Dave Bjerga, a former Crow Wing County deputy and a longtime Minnesota Bureau of Criminal Apprehension investigator will retire from the BCA Tuesday, Nov. 6.
Bjerga, a 1976 Brainerd High School graduate, began his law enforcement career as a deputy and investigator in Crow Wing County in 1981. After joining the BCA in 1990, he served as field agent, head of the agency’s northern Minnesota office, assistant superintendent and briefly as interim superintendent.
Bjerga, 55, said he’ll take some time off during the holidays and conduct a self-assessment before he decides what he’d like to do in the future.
“It feels good,” the Motley native said of his decision to retire, noting a career in law enforcement is one that requires officers to be on call 365 days a year.
While with the BCA, he investigated the 1999 killing of Katie Poirier, a 19-year-old Moose Lake convenience store clerk, and the 2003 murder of Dru Sjodin of Pequot Lakes, who was a 22-year-old college student in Grand Forks, N.D.
He told the Star Tribune the unsolved cases he still thinks about include the 2001 murder of Rachel Anthony, a Pine River Liquor Store clerk and the disappearance of Jacob Wetterling.
Bjerga said he periodically would ask younger officers to take a look at his unsolved cases, hoping that a fresh set of eyes might detect a clue he had missed. In working with young law officers, he encouraged them to stick with the challenging cases.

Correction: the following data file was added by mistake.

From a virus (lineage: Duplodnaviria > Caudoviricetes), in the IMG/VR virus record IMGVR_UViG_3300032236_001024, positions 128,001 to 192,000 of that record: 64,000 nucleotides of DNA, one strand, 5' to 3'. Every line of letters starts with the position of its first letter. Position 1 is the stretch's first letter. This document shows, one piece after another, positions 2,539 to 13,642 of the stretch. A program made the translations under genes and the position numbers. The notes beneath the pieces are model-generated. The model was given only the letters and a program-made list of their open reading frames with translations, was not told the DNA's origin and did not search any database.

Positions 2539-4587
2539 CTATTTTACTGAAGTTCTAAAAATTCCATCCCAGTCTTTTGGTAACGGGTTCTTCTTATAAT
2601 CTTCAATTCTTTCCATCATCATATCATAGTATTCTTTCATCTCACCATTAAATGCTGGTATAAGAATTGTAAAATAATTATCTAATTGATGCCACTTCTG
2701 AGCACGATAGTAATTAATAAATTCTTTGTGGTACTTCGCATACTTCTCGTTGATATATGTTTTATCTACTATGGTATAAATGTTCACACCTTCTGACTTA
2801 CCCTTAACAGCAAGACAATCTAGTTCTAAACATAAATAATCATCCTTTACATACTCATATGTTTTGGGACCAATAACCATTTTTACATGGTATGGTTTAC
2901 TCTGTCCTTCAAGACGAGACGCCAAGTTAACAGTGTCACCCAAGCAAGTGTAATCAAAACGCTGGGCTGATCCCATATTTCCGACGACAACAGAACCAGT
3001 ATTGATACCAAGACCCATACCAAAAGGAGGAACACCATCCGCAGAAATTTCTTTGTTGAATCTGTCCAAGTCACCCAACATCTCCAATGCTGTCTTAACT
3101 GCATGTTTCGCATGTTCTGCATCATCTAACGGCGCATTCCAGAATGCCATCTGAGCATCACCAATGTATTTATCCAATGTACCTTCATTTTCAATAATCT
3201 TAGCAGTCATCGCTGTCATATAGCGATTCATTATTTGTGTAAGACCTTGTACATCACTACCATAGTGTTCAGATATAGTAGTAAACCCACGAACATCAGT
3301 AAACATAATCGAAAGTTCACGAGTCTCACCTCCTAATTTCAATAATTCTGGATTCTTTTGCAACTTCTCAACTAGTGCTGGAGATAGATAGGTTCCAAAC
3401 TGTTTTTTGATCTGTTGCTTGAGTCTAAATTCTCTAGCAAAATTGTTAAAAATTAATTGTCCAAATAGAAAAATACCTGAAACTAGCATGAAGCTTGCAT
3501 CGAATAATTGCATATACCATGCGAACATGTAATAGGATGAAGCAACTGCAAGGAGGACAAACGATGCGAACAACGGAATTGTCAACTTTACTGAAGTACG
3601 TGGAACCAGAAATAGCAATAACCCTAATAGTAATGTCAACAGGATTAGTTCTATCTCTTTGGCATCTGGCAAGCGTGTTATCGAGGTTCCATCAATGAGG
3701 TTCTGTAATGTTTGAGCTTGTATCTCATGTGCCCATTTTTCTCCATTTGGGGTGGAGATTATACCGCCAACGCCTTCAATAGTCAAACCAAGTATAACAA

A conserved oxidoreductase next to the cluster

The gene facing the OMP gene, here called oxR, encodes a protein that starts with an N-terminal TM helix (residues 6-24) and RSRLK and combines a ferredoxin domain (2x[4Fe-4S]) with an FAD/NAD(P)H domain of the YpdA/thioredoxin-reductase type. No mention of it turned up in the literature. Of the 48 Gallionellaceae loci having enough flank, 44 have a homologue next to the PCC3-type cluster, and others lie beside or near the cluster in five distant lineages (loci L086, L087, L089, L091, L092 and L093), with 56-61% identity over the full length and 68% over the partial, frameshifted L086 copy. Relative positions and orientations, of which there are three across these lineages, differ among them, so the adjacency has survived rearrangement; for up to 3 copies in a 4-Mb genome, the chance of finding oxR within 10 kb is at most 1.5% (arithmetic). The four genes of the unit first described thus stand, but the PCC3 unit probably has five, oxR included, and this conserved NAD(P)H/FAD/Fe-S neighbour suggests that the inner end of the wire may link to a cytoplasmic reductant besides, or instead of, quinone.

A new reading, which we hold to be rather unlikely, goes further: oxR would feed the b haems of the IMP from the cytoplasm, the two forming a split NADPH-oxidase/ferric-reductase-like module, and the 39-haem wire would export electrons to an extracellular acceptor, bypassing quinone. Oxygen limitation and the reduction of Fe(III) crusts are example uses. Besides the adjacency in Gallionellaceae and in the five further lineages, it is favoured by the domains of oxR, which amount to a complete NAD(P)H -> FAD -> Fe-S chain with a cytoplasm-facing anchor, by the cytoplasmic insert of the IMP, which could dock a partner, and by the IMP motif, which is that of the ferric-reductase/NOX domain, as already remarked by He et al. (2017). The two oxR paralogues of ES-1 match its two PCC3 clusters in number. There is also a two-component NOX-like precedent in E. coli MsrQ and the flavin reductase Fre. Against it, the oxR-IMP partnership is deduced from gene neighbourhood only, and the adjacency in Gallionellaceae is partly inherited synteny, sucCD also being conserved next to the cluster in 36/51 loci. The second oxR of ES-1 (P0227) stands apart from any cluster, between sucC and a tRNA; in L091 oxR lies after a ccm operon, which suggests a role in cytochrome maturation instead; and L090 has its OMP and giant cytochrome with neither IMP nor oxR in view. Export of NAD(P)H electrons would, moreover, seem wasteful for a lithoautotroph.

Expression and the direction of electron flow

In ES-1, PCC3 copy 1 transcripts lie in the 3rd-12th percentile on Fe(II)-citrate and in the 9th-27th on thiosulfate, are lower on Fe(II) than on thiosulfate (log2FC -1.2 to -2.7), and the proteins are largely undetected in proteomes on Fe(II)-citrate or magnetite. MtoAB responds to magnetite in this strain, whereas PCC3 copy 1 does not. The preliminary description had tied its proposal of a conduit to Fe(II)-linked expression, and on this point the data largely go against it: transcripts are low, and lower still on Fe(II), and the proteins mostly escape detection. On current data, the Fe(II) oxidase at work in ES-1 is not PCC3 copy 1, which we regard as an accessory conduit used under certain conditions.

“Stay with it,” he advised them. “Just never give up. Don’t forget every one of those victims has a family that expects a resolution. Take nothing for granted. The most insignificant clue could solve the case.”
Compassion for victims and their families is another big part of the job, Bjerga said.
“These are life-changing events that we go to,” he said. “These families and these individuals will never be the same.”
During his time as a Crow Wing County deputy, he served under longtime Sheriff Charles Warnberg, Sheriff Frank Ball and Dick Ross, who went on to serve as sheriff after Bjerga left the department.
“It was a great experience,” Bjerga said of his time in Crow Wing County. Sheriff Warnberg gave us some freedom. He allowed me to make a lot of decisions on my own. I had some really good mentors in Ross and Warnberg and Ball.”
Ross remembered Bjerga as a very thorough deputy with people skills and a good sense of humor.
Ball said Bjerga was exceptionally bright and analytical but very young looking. He excelled in child abuse and sexual assault cases, which were coming to the forefront at that time.
“He’s one of the smartest cops I’ve ever met in my life,” Ball said.